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Proposed bill threatens media freedom and confidentiality of sources

(IFJ/IFEX) - 27 May 2009 - The European Federation of Journalist (EFJ), the European group of the International Federation of Journalists (IFJ), today strongly protested against proposals for the draft legislation in Finland which would compel journalists to reveal their sources in certain criminal cases.

"This bill is unbelievable. Protection of sources is a cornerstone of independent journalism and the free flow of information. Journalists have to be certain that media freedom is secured and journalists' sources have to be sure their protection is guaranteed. Otherwise, the media are incapable of performing their duty in a democratic system," says Arto Nieminen, Chairman of the Union of Journalists of Finland.

A commission set up by the Finnish Ministries of Interior and Justice proposed disclosure of journalists' sources of information in criminal cases "involving a suspicion of serious breach of confidentiality". In such cases journalists could no longer be covered by the legal protection of the source which is guaranteed in current legislation and could be ordered by courts to reveal their sources of information even in preliminary investigations before the case goes to trial.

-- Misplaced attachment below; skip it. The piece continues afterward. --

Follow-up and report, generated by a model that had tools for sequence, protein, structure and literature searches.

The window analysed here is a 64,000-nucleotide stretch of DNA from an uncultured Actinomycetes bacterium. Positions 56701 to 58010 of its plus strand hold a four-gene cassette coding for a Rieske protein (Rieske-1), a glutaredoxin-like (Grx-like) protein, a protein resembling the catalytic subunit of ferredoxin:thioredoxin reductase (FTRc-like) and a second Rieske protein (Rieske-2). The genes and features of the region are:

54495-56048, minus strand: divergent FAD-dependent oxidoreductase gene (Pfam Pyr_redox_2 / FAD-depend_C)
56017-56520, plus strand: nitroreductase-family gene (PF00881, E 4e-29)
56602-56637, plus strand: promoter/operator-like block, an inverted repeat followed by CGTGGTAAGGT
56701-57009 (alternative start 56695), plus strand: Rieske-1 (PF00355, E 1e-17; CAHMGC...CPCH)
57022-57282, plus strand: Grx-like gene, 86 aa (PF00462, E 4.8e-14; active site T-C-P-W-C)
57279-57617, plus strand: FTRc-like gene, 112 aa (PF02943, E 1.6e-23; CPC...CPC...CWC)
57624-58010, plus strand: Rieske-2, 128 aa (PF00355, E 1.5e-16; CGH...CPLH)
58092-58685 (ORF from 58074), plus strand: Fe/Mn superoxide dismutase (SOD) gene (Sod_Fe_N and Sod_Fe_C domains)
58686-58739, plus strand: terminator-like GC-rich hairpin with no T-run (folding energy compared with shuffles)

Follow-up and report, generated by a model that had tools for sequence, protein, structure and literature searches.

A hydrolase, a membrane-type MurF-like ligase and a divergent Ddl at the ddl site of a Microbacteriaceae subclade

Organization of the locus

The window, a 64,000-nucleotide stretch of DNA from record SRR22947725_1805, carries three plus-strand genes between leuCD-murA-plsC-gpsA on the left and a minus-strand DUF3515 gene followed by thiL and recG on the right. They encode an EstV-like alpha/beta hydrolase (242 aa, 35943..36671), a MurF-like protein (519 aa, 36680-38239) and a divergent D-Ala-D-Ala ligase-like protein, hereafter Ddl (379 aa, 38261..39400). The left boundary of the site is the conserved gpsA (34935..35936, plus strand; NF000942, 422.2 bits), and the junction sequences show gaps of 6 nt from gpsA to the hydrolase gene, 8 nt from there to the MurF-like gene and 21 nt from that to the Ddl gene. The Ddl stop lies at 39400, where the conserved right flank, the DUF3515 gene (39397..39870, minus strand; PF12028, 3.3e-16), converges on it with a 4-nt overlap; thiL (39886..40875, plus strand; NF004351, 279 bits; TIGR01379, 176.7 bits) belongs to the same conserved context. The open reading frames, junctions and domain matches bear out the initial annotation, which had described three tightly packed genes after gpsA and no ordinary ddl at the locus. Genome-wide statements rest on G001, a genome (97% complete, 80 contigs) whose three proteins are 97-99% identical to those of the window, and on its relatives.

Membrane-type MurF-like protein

The current legislation allows for revealing the sources of a journalist in preliminary investigation only in criminal cases which carry a mandatory minimum of six years' imprisonment upon conviction. Such cases include robbery, aggravated violence and serious narcotic drug-related crimes.

"Confidentiality of journalists' sources is a press freedom right according to the European Convention on Human Rights and the case law of the European Court of Human Rights," reminded the EFJ President Arne König. "This proposal is dangerous and we are particularly worried that it comes a few weeks after serious attacks on protection of sources in the UK and in Luxembourg. It has to be clear to everybody that journalist's sources need to be protected for the media to play their role of democracy watchdog."

The EFJ suggests that the law should explicitly include an exemption concerning the publication of information of vital interest for the public and it refers to the policy document that was recently published on its website:

The EFJ supports the Union of Journalists of Finland and calls on the authorities to respect press freedom and protection of sources.

The EFJ represents over 250,000 journalists in more than 30 countries of Europe.

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